There is a 5.5 km walking track around the foreshore from Point Lonsdale to Queenscliff. Distance markers are located every 500 metres and the trail winds around the bay and through rural lands. There is a very detailed description of the walk on Weekend Notes. Check out https://www.weekendnotes.com/queenscliff-to-point-lonsdale-walking-trail.

Lake Victoria
Located off Shell Road to the south of the town is Lake Victoria, a shallow saline lake. It is part of a larger area known as the Lonsdale Lakes Nature Reserve and an important site for the waterbirds and migratory waders. A total of 81 species have been recorded including pelicans, cormorants, herons, egrets, ibis, spoonbills, crakes and rails. For more information check out https://www.geelongaustralia.com.au/wetlands/article/item/8cf9165b37f60bd.aspx.

Port Phillip Heads Marine National Park
The Port Phillip Heads Marine National Park stretches from Back Beach around to Front Beach, includes the Port Lonsdale headland, and includes the coastal rock platforms which have the highest invertebrate diversity of any calcarenite reef in Victoria. It can be easily viewed and accessed from Point Lonsdale Road and the lighthouse.



* The area was originally inhabited by the Wathawurung Aborigines. 

* The first European in the area was Lieutenant Murray who spent over three weeks exploring the coast in 1802.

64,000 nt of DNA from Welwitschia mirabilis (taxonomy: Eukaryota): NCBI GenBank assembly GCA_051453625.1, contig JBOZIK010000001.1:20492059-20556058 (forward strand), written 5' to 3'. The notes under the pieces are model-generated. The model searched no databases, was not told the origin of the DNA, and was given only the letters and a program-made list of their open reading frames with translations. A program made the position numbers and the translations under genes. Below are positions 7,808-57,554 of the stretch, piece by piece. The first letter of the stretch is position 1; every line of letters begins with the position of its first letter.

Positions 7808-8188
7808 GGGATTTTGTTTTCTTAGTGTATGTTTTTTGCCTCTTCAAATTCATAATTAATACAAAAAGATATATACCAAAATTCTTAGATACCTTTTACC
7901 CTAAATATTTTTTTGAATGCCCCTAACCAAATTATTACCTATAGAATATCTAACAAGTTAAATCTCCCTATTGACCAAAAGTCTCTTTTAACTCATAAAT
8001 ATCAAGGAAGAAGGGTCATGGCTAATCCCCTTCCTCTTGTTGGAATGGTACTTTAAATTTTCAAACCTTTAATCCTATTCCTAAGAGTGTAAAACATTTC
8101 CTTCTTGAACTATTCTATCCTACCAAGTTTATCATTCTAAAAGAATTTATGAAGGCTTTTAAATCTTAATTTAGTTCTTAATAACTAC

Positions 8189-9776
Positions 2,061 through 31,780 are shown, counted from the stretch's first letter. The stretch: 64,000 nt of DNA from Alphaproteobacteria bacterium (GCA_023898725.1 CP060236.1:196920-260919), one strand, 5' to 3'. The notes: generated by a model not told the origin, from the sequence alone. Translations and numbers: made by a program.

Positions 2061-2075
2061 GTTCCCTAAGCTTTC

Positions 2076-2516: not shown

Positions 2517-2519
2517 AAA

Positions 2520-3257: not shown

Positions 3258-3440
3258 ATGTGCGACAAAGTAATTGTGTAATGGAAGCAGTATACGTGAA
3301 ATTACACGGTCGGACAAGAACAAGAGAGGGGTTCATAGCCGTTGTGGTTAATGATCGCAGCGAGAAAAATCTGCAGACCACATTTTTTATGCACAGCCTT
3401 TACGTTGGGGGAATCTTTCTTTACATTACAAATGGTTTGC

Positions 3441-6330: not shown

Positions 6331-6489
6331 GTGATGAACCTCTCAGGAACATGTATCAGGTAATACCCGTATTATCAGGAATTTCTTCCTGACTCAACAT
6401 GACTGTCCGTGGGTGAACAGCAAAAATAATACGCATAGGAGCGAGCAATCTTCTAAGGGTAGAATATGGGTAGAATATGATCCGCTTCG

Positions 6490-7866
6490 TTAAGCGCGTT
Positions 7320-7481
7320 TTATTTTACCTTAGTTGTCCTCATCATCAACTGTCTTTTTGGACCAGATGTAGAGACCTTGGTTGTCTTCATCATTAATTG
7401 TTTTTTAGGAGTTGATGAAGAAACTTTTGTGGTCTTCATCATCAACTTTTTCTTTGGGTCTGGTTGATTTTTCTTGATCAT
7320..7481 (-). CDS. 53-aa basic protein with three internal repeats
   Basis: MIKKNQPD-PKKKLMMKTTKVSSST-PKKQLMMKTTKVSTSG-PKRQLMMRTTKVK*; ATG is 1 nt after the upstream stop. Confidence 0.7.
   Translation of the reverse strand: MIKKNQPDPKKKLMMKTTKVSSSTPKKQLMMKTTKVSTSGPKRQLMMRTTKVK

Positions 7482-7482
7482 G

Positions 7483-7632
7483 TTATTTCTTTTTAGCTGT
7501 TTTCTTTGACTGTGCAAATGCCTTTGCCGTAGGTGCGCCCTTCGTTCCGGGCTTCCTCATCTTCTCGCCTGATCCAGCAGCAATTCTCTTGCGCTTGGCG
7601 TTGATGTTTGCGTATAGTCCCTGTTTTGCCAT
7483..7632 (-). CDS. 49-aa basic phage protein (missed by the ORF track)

* Later in 1802 Matthew Flinders mistook Port Phillip Bay for Western Port. 

* The first European settlement on Port Phillip Bay was established in 1803 and abandoned the following year. 

* In 1803 a convict escapee named William Buckley was adopted by the local Aborigines. He lived at Point Lonsdale for 32 years. He is reputed to have lived in a cave beneath Point Lonsdale lighthouse.

* White settlement did not occur until the 1830s after the establishment of Melbourne. 

* Point Lonsdale was officially named in 1837 after Captain William Lonsdale, the first police magistrate of Port Phillip. 

* A pilot service for ships passing through The Rip was established near Shortland Bluff in 1838. 

* Queenscliff emerged as a town in the early 1850s.

* A signal station was established at Point Lonsdale in 1854. 

* A stone lighthouse was constructed at Point Lonsdale in 1863.

 * The first land sales at Point Lonsdale occurred in 1876. 

* In 1879 the railway from Geelong reached Queenscliff.

* In 1883 the Point Lonsdale tennis, bowls and croquet club was opened.

*  In 1902 the current Point Lonsdale lighthouse was built. That year saw the opening of a local post office.

* A Presbyterian Church was built in 1904.

* In 1905 a state primary school was opened.

* In 1906 the first overseas wireless message was sent overseas (to Tasmania) from Point Lonsdale.

* In the early 1900s a shell-processing works was established west of Point Lonsdale. Shell grit was removed and processed for commercial usage in glass-making and the poultry industry. 

* A public hall was built in 1912.

* Large deposits of shells found beside the Geelong Highway in 1935.

* A surf lifesaving club was formed in 1947.


Visitor Information

There is no dedicated Visitor Centre at Point Lonsdale. Information is available at the Queenscliff Visitor Information Centre, 55 Hesse Street, open daily, tel: (03) 5258 4843 and the Geelong Visitor Information Centre, tel: (03) 5283 1735 or 1800 755 611.


Useful Websites

There is a useful website. Check out https://www.travelvictoria.com.au/pointlonsdale. Also check out https://www.visitmelbourne.com/regions/geelong-and-the-bellarine/destinations/point-lonsdale.